• Insert a Foley catheter in patients with burns >15% TBSA. Adequate urine output is 0.5 mL/kg/h in adults and 1.5 mL/kg/h in children. Lasix and other diuretics must not be given to improve urine output; increase IV fluid rates to increase urine output. Observe urine for burgundy colour (seen with massive injuries or electrical burns). There is a high incidence of renal failure associated with these injuries, requiring prompt and aggressive intervention.

If the urine is red or brown consult a burn centre.

Insert a Nasogastric Tube

  • Insert a nasogastric tube in any patient with burns >30% TBSA, or any patient who is unresponsive, shocked, or with burns >20% if preparing for air or long-distance transportation.

Decompression Incisions (Escharotomy)

  • Assess for circumferential full-thickness burns of the extremities or trunk. Elevate the burned extremities on pillows above the level of the heart. If transfer will be delayed, discuss indications and methods for decompression incisions (escharotomies) with a burn surgeon.


  • Give tetanus immunisation.

  • After fluid resuscitation has been started, pain medication may be titrated in small intravenous doses (not intramuscular). Blood pressure, pulse, respiratory rate, and state of consciousness should be assessed after each increment of IV morphine.

Wound Care

  • Debridement and application of topical antimicrobials are usually unnecessary. Initial wound care needs to ensure that the burn is kept covered and the patient is kept warm. Plastic food wrap (such as Gladwrap) is ideal.

  • Apply a thin layer of silver sulfadiazine to open areas if transportation will be delayed for more than 12 hours.

  • Use of Burnshield is a very effective means of cooling and dressing the injury in the first 24 hours.

General Items

  • A history, including details of the accident and preexisting diseases/allergies, should be recorded and sent with the patient.

  • Copies of all medical records, including all fluids (calculation of fluids administered) and medications given, urine outputs, and vital signs must accompany the patient. These specific details may be recorded on the back of the burn size assessment sheet.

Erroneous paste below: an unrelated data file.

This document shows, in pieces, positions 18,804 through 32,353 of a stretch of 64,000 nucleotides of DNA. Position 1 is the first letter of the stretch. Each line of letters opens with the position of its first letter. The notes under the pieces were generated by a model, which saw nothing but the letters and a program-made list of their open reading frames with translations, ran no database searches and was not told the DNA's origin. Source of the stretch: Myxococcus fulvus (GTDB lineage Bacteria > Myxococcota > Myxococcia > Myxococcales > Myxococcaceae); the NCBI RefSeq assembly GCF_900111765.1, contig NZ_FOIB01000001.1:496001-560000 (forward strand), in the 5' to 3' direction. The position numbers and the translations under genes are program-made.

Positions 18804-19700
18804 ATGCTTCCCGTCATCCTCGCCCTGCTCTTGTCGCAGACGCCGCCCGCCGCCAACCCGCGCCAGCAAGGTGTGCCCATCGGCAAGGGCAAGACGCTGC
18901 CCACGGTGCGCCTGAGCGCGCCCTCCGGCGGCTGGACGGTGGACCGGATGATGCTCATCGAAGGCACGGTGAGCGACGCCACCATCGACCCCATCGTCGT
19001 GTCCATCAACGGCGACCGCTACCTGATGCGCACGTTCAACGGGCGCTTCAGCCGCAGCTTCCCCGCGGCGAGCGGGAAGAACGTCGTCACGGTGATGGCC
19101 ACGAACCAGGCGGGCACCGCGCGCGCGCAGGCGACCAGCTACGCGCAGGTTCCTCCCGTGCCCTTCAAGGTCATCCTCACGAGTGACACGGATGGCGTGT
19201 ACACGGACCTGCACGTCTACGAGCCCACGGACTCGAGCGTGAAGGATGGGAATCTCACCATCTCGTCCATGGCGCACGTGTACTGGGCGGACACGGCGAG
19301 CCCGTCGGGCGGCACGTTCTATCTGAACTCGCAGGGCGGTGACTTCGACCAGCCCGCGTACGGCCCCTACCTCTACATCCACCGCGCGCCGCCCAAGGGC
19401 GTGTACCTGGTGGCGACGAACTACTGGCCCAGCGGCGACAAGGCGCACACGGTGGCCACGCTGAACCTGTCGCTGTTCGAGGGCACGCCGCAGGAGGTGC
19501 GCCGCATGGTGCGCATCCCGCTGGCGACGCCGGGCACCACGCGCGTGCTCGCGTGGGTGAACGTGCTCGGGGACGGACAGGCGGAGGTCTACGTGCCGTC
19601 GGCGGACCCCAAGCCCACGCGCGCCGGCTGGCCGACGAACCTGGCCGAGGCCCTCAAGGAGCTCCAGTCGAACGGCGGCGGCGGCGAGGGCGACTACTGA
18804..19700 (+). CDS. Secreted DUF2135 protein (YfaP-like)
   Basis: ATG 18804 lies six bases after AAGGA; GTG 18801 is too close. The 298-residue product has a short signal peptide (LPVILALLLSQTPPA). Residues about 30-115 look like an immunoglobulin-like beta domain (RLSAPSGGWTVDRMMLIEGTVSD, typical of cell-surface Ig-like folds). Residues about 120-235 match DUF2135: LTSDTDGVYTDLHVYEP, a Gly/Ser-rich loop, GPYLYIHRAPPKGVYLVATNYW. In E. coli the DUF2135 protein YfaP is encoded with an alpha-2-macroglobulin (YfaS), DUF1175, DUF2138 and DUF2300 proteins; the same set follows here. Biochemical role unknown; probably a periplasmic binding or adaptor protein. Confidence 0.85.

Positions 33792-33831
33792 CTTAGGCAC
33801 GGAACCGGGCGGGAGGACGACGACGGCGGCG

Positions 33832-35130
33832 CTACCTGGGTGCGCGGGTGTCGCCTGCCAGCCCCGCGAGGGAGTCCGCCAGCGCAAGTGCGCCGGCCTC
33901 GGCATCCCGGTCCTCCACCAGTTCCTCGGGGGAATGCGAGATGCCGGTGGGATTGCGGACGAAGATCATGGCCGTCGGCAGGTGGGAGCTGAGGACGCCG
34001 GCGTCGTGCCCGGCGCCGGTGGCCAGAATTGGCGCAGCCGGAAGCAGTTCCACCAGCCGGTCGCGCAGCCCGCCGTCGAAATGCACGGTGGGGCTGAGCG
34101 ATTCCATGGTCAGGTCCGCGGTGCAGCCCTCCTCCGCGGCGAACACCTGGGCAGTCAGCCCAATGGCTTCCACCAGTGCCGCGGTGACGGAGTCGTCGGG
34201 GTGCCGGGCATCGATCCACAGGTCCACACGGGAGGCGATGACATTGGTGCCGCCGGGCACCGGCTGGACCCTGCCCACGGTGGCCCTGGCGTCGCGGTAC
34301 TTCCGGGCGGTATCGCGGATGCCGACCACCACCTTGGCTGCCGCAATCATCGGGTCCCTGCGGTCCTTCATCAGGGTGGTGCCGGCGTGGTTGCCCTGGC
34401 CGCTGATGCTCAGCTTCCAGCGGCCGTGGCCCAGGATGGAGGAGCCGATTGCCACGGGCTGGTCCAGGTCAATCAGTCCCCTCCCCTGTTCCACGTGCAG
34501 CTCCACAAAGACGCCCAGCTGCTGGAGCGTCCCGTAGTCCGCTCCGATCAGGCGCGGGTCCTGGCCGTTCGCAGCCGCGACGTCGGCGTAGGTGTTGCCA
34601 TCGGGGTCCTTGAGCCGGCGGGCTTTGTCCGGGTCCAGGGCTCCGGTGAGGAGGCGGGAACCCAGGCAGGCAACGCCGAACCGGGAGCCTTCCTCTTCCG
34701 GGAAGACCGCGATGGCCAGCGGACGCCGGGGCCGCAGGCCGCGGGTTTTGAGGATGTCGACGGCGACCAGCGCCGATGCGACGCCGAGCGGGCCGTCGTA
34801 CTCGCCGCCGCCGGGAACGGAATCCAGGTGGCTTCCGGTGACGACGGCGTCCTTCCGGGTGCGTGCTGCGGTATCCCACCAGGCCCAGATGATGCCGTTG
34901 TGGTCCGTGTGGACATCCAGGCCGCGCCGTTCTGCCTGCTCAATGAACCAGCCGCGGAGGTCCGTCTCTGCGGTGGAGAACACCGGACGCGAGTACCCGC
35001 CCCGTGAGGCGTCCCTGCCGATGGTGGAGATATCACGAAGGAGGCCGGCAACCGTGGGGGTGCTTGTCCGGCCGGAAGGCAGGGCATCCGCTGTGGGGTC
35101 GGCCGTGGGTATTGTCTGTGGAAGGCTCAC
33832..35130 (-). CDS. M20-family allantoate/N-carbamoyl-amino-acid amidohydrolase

• The burn centre will arrange transport if appropriate.

  • In the case of paediatric patients not accompanied by a parent, obtain consent in consultation with your burn centre.

Special Considerations with Chemical Burns (Consult Burn Centre)

Remove all clothing, Brush powdered chemicals off the wound, then flush chemical burns for a minimum of 30 minutes using copious volumes of running water. Be careful to protect yourself.

Never neutralise an acid with a base or vice versa; the heat generated can worsen the burn.

Irrigate burned eyes using a gentle stream of saline. Follow with an ophthalmology consultation if transportation is not imminent. Determine what chemical (and what concentration) caused the injury.

Special Considerations with Electrical Injuries (Consult Burn Centre)

  • Differentiate between low-voltage (<1000 v) and high-voltage (>1000 v) injuries.

  • Attach a cardiac monitor; treat life-threatening dysrhythmias as needed.

  • Assess for associated trauma; assess central and peripheral neurological function.

  • Administer Ringer’s lactate; titrate fluids to maintain adequate urine output or to flush pigments through the urinary tract (see urine output above). Useful laboratory test: arterial blood gas levels with acid/base balance.

  • Using pillows, elevate burned extremities above the level of the heart. Monitor distal pulses.

For burns classified as severe (> 20% TBSA), fluid resuscitation should be initiated to maintain urine output > 0.5 mL/kg/hour.  One commonly used fluid resuscitation formula is the Parkland formula. The total amount of fluid to be given during the initial 24 hours = 4 ml of LR × patient’s weight (kg) × % TBSA.  Half of the calculated amount is administered during the first eight hours beginning when the patient was initially burned. For example, if a 70 kg patient has a 30% TBSA partial thickness burn they will need 8400 mL Lactated Ringer solution in the first 24 hours with 4200 mL of that total in the first 8 hours [(4 mL) × (70 kg) × (30% TBSA) = 8,400 mL LR]. Remember that the fluid resuscitation formula for burns is only an estimate and the patient may need more or less fluid based on vital signs, urine output, other injuries or other medical conditions (see Burns, Resuscitation, and Management for discussion of the management of severely burned patients).